Sun | Dec 5, 2021

I owe my career to Michael Sharpe

Published:Thursday | April 22, 2021 | 12:05 AM
George Davis
George Davis
Michael Sharpe
Michael Sharpe

I was a wee lad when I first met Michael Sharpe in the late 1980s. It was a Sunday afternoon when he drove to visit with friends living at Lot 66, Church Pen Housing Scheme, Old Harbour. It was during the carnival season and I wriggled through the space I had created in the ‘shoe-block’ (hibiscus) fence that separated my granny’s yard from the home of Michael’s friends. I was fascinated by his car and no, I have no recollection of the make or model. But as a country boy in the 1980s you would have been fascinated by the rare sight of a motor vehicle at your neighbour’s gate, especially one you had never before seen in the community. You would also have been fascinated by the fact that the car was driven by someone you had never previously met and who looked and smelled like them come from town.

I was hooked on radio from the moment I could form and process conscious thoughts. And Michael Sharpe was one of those voices that, to me, sounded great on my granny’s clock radio. It was a crude contraption the radio, with several buttons including an AM/FM band switcher, one that said SNOOZE and, of course, the volume button. Switching the button to AM was useless as the only thing that happened was you would hear a sound like water dripping into a pot of hot oil. I mention this because touching the AM/FM switcher was the only time my granny would tolerate me fiddling with the radio as she had made it clear to me on numerous occasions that the day I messed with the position of the dial and caused the radio to come off the spot she had marked for RJR, was the day she would murder me and report herself to the police. She knew she was serious in making the threat. I knew she was serious in making the threat. And that was how my love for RJR was kindled to the point that when my neighbour introduced the high-colour brown man in the eyeglasses, with the head full of what my boy’s brain called shaggy hair, as Michael Sharpe, I knew exactly who he was.

The neighbours told him I was a sharp seven-year-old who lived next door and had prodigious reading ability. They were generous people. In my head, the way they had marketed me to this great man who spoke on the radio meant I couldn’t afford to flop on the inevitable reading test to follow. He drew for a romance novel that was on the nightstand in the front room where we were all sitting and asked me to read the plot synopsis on the back cover. He didn’t know it was a back cover I had read, to myself, a hundred times before. I stood and delivered. Enunciation, crisp. Michael was impressed. The neighbours were happy, and me relieved I hadn’t shamed them. Michael retreated to another part of the house for some time. When he returned I was alone in the front room, watching JBC’s coverage of the carnival parade. Michael told me I would experience the coverage better if I listened on RJR. Wanting to impress him, I did. We listened together and Michael spoke to me about paying attention in school and tried to convince me I had a talent for something that could make me special. He didn’t know it but in my seven-year-old head, that Sunday was the day I decided that broadcasting was something I wanted to do with my life. I never saw him in the flesh again or even spoke to him until one Friday evening in 2007, as he was having a drink inside the now defunct Jamrock Sports Bar on Knutsford Boulevard.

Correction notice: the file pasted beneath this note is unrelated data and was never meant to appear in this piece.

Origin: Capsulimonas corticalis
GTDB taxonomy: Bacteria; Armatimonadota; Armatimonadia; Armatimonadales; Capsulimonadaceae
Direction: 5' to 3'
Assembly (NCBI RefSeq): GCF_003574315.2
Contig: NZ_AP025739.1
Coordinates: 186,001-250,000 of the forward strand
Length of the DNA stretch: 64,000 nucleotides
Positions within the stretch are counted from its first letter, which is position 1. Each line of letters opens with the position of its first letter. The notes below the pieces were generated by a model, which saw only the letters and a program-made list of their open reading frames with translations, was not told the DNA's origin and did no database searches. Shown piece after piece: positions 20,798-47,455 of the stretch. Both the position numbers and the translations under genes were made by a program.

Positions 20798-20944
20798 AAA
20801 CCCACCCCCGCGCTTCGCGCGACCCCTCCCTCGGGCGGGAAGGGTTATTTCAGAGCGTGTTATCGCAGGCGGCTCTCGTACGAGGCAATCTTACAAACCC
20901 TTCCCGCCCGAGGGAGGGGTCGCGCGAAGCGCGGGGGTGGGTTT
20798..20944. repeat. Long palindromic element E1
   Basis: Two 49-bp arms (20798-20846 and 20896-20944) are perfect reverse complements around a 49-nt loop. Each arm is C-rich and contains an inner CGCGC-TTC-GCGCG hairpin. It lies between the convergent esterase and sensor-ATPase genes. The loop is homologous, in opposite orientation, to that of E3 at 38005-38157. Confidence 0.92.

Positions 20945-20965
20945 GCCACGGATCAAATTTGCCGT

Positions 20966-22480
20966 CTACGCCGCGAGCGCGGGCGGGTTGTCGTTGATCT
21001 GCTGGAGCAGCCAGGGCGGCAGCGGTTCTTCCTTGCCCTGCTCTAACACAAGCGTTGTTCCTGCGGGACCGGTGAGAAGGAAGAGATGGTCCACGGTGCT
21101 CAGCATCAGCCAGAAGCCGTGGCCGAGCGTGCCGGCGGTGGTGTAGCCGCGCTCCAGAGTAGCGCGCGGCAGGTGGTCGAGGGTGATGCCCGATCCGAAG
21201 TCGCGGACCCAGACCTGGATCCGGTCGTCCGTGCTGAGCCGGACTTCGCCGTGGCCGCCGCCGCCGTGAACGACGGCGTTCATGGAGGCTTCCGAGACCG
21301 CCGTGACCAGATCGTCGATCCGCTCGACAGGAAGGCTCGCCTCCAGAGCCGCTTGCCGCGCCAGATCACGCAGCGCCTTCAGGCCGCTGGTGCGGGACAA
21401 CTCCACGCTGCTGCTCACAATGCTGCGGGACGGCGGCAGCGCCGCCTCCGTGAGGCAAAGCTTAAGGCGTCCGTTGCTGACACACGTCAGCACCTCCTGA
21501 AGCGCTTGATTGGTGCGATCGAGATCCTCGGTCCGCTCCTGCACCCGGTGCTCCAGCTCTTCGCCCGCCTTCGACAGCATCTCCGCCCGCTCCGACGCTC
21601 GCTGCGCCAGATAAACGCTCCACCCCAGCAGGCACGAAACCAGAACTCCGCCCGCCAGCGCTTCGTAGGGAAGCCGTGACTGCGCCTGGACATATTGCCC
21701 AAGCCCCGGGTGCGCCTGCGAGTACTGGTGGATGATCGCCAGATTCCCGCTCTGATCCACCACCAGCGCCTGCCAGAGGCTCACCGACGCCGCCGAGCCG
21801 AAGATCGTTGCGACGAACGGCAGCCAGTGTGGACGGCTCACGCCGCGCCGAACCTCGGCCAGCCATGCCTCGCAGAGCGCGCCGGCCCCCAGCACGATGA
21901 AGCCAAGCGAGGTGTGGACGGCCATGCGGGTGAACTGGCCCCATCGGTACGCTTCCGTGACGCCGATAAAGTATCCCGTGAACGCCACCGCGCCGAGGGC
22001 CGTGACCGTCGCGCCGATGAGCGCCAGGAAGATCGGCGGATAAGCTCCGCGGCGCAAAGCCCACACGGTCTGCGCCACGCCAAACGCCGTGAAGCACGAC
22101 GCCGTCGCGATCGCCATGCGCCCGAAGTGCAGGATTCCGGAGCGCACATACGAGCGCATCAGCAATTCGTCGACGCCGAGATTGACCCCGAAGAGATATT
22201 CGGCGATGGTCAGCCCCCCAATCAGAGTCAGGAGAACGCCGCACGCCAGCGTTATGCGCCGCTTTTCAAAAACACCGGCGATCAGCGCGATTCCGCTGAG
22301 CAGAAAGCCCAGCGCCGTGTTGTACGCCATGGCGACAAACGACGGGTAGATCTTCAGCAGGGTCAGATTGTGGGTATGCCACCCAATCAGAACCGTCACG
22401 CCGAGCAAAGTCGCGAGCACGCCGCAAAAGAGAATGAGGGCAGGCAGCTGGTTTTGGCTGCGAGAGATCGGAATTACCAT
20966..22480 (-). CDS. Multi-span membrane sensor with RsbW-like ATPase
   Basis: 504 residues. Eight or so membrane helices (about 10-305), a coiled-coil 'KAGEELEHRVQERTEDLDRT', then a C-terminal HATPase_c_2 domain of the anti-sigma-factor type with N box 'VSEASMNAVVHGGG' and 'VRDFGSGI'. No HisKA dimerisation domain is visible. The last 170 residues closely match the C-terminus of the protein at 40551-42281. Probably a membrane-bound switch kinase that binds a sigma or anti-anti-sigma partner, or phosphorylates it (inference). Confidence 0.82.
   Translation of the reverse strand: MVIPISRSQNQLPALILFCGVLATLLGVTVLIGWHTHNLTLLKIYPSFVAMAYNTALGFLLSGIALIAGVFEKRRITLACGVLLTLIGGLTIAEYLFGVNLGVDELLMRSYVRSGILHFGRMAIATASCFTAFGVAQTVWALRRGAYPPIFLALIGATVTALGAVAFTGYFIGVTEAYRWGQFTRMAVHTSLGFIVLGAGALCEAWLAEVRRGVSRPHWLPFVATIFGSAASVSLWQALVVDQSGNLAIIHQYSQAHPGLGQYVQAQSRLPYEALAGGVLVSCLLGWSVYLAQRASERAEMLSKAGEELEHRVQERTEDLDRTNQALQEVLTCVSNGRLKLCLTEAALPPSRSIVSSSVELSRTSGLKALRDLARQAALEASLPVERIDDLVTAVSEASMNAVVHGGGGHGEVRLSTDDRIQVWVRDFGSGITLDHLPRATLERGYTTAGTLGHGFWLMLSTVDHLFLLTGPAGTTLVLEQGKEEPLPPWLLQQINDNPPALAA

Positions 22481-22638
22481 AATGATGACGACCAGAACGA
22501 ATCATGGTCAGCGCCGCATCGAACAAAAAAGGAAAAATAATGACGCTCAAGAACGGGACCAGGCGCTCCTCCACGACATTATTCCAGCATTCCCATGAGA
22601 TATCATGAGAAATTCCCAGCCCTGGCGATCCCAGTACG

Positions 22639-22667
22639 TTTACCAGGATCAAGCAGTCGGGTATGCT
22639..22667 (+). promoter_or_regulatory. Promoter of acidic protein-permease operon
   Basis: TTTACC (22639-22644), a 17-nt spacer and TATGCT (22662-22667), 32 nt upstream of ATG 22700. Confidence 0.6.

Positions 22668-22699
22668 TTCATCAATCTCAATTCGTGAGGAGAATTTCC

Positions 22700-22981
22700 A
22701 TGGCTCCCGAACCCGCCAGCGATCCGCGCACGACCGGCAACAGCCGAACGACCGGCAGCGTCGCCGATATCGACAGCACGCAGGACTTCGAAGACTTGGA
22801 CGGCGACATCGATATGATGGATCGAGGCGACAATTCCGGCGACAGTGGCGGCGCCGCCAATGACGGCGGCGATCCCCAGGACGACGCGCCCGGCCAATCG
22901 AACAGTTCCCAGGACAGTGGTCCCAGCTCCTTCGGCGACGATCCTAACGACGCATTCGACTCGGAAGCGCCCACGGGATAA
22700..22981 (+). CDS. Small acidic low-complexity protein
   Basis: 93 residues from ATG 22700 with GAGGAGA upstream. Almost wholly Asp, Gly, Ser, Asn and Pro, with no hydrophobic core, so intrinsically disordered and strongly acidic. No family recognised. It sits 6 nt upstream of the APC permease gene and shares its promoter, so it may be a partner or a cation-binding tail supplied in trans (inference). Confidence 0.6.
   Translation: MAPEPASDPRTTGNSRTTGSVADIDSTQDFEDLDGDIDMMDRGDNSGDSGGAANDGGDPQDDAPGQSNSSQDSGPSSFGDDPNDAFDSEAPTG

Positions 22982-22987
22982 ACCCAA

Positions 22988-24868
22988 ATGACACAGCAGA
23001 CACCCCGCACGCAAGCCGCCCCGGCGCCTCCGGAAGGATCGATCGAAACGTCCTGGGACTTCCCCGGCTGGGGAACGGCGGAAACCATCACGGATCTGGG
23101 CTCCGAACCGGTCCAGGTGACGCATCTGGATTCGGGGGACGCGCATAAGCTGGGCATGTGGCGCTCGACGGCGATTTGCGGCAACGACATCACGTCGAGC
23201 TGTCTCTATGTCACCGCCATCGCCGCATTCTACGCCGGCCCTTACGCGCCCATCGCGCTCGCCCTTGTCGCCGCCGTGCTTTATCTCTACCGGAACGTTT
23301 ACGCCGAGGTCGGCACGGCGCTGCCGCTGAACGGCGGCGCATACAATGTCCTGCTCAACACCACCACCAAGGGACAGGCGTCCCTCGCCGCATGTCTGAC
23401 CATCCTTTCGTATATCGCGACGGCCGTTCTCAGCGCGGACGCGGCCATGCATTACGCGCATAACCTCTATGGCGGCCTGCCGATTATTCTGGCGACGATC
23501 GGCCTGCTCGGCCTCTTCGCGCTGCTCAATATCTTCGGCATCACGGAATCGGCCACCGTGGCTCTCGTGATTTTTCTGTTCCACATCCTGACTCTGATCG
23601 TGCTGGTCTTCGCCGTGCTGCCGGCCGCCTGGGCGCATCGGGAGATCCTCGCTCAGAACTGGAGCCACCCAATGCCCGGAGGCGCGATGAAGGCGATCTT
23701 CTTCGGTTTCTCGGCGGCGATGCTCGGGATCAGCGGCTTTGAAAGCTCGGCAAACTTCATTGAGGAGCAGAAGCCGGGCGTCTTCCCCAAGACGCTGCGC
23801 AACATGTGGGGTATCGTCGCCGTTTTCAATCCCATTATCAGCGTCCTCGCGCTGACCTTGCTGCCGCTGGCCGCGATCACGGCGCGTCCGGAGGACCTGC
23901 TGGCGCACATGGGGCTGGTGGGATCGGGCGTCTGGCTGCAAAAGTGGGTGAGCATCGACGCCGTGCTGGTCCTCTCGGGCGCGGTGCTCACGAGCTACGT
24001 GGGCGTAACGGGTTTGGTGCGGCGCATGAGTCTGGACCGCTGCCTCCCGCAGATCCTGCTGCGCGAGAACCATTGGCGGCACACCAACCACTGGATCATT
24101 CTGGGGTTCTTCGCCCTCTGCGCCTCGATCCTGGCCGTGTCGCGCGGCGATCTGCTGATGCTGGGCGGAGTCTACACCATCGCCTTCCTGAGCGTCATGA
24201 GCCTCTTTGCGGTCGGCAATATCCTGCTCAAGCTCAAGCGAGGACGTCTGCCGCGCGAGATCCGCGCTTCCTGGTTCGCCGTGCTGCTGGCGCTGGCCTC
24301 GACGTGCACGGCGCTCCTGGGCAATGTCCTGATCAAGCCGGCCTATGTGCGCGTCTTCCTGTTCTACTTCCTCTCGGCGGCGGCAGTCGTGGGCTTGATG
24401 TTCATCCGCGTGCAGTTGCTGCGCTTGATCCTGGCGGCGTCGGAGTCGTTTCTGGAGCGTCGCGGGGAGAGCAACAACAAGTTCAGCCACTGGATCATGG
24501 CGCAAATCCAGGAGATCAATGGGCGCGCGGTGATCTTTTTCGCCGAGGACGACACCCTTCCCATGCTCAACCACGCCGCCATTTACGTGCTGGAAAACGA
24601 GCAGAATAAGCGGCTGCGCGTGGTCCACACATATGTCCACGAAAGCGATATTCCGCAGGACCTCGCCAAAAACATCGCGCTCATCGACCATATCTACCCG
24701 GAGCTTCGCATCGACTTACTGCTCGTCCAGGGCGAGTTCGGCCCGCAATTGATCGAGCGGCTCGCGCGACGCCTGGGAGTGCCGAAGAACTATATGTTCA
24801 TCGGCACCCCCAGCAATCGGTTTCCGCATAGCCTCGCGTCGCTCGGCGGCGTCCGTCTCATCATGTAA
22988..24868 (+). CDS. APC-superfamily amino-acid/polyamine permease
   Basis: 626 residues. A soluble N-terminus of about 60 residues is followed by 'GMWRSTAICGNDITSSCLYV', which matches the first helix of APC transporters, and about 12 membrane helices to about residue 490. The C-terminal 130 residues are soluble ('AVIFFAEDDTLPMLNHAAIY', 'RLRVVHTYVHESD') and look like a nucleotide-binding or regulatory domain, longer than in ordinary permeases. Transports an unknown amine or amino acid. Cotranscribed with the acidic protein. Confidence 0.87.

Over the years I have enjoyed Michael’s work on programmes such as ‘Exposure’, ‘Inside Gordon House’ and ‘Your Issues Live’. I was a huge fan of a programme he hosted in the 1990s on RJR from midnight until 1 a.m. on Sundays, ‘Jazz Jam’, where, as the promo said, he took jazz music from the background to the foreground. He was versatile, sharp. And his DNA is in my own journalism.

My abiding disappointment is that I never asked or reminded Michael about that encounter we had over 30 years ago. I never got to tell him how important he was in my decision to pursue a career in media. I know it is late now. But I am obliged to publicly say thanks. Selah.

George Davis is a talk show host and president of the Press Association of Jamaica.